Despite the dangerous ramifications of this possible nuclear miscalculation, the history of the Able Archer 83 war scare has remained largely unavailable to the public. This dearth of primary sources has even led critics — with some justification — to describe the study of the war scare as "an echo chamber of inadequate research and misguided analysis" and "circle reference dependency," with an overreliance upon "the same scanty evidence."
In an attempt to fill this "echo chamber," the National Security Archive has posted, the largest collection of documents about the incident available. These documents come from Freedom of Information Act releases by the CIA, the National Security Agency, the Department of Defense, and the Department of State, research findings from American and British archives, as well as formerly classified Soviet Politburo and KGB files, interviews with ex-Soviet generals, and records from other former communist states.
Among the revelations in these documents are:
Although the National Security Archive has compiled and posted more than 1,000 pages of declassified documents on Able Archer 83, much more remains classified and unavailable to the public.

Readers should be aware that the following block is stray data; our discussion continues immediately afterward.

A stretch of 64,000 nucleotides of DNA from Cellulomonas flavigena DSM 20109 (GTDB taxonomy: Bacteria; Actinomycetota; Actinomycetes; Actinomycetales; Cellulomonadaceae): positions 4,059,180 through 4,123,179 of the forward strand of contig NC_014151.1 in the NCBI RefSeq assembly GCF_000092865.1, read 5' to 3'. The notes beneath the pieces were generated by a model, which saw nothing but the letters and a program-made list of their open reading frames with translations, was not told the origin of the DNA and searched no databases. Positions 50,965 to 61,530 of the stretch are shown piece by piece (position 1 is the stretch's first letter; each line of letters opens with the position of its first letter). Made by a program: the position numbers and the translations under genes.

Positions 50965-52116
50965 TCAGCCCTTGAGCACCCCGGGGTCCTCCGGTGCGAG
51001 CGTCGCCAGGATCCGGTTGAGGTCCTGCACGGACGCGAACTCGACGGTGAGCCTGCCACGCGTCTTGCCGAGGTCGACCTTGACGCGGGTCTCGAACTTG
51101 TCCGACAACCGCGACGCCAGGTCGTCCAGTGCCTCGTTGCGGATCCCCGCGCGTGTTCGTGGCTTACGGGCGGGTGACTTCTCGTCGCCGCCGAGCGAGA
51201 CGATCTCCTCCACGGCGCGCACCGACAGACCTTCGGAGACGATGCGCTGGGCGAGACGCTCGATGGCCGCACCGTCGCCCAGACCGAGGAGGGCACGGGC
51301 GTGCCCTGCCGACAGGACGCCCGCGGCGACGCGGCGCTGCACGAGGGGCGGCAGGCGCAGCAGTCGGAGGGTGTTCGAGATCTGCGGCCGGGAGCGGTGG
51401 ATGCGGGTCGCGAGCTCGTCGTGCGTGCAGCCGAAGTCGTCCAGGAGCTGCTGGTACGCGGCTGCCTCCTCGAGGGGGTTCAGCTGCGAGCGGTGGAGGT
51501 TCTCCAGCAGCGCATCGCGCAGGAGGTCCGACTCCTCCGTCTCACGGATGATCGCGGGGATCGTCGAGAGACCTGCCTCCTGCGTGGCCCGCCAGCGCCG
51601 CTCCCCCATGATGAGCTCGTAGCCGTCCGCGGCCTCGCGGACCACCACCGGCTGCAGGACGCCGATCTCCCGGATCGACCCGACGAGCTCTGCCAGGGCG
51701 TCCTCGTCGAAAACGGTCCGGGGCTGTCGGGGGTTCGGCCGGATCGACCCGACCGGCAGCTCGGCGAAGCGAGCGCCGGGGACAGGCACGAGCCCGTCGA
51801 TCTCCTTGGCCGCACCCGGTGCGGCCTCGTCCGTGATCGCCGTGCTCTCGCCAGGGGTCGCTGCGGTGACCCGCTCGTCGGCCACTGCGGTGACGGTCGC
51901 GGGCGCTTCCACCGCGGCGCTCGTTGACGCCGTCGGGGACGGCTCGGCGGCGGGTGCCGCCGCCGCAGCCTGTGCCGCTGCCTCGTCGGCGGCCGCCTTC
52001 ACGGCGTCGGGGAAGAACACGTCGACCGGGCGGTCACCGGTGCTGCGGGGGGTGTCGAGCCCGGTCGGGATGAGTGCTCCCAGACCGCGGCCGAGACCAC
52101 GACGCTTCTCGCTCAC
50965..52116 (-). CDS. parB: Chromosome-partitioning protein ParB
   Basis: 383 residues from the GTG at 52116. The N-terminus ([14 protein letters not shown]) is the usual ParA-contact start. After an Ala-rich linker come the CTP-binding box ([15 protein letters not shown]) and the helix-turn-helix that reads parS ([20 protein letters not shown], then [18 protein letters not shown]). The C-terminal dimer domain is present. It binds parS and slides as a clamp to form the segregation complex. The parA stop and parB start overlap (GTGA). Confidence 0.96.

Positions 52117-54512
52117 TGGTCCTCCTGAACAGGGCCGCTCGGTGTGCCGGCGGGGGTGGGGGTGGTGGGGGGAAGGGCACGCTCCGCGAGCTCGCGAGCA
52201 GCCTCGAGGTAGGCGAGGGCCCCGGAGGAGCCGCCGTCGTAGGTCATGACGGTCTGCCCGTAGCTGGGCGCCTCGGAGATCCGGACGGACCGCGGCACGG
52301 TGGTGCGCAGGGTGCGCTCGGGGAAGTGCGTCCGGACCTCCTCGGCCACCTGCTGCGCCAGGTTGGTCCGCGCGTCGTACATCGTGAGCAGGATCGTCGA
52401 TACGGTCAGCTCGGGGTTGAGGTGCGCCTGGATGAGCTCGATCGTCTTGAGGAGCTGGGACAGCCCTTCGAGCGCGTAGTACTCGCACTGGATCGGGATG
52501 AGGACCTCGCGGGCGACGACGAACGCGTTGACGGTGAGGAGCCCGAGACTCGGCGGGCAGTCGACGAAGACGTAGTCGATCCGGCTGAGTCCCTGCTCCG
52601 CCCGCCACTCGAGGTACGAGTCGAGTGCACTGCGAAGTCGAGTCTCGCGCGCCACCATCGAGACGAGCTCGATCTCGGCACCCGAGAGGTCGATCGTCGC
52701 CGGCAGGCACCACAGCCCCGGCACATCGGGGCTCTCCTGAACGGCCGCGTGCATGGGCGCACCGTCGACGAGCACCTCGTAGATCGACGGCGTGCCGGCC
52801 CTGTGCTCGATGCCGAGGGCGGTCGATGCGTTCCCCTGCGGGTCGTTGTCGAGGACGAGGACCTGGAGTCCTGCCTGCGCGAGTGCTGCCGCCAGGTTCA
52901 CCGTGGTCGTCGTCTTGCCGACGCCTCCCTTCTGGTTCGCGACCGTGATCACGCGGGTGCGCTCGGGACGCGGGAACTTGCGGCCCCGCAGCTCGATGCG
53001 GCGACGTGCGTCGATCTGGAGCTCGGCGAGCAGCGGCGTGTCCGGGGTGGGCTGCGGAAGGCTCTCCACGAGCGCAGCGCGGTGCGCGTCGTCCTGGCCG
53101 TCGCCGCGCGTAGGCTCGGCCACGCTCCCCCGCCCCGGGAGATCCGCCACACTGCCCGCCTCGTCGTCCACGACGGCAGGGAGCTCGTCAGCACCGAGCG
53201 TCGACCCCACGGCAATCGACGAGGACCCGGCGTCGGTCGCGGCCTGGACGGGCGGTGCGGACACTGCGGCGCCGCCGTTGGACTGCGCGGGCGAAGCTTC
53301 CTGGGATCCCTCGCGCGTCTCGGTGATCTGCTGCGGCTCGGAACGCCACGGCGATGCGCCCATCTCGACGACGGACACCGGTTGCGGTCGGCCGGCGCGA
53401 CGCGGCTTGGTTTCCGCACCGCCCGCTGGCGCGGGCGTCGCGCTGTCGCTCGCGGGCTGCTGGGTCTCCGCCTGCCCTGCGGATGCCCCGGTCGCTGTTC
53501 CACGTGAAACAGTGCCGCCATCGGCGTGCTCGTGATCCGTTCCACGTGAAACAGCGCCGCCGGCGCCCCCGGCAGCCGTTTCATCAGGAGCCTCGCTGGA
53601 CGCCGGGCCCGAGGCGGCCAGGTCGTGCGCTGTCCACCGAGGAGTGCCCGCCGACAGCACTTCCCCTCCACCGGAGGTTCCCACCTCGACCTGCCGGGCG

The continued classification of significant documents related to Able Archer 83, 30 years after the fact, is very difficult to defend. Documents that deal with this exercise — including the most comprehensive report ever written about it — contain information of interest not only to scholars of the Cold War, but also to all concerned about the danger of nuclear weapons. If, as some within the US intelligence community have claimed, there was an increased danger of nuclear war through miscalculation in 1983, the documents detailing the danger of Able Archer 83 could help government officials avert future nuclear standoffs and reduce the probability of accidental war. Revelations about the risk and possibility of nuclear miscalculation complicate the argument that nuclear deterrence has gifted humanity with a "long peace" and undermine the contention that the danger of worldwide nuclear war ended with the 1962 Cuban missile crisis.
Soviet SS-20s and American Pershing IIs have been removed and retired, the Cold War has ended, and the Soviet Union no longer exists. After the fact, a fuller picture of the dangers of Able Archer 83 has emerged. But due to failures of the US declassification system, many more important documents about this potentially dangerous nuclear episode remain unavailable to the public, locked in secure facilities, under the rubric that their release "reasonably could be expected to cause exceptionally grave damage to the national security." In fact, their declassification could help protect the United States and the rest of the world from the gravest of all security threats: nuclear war.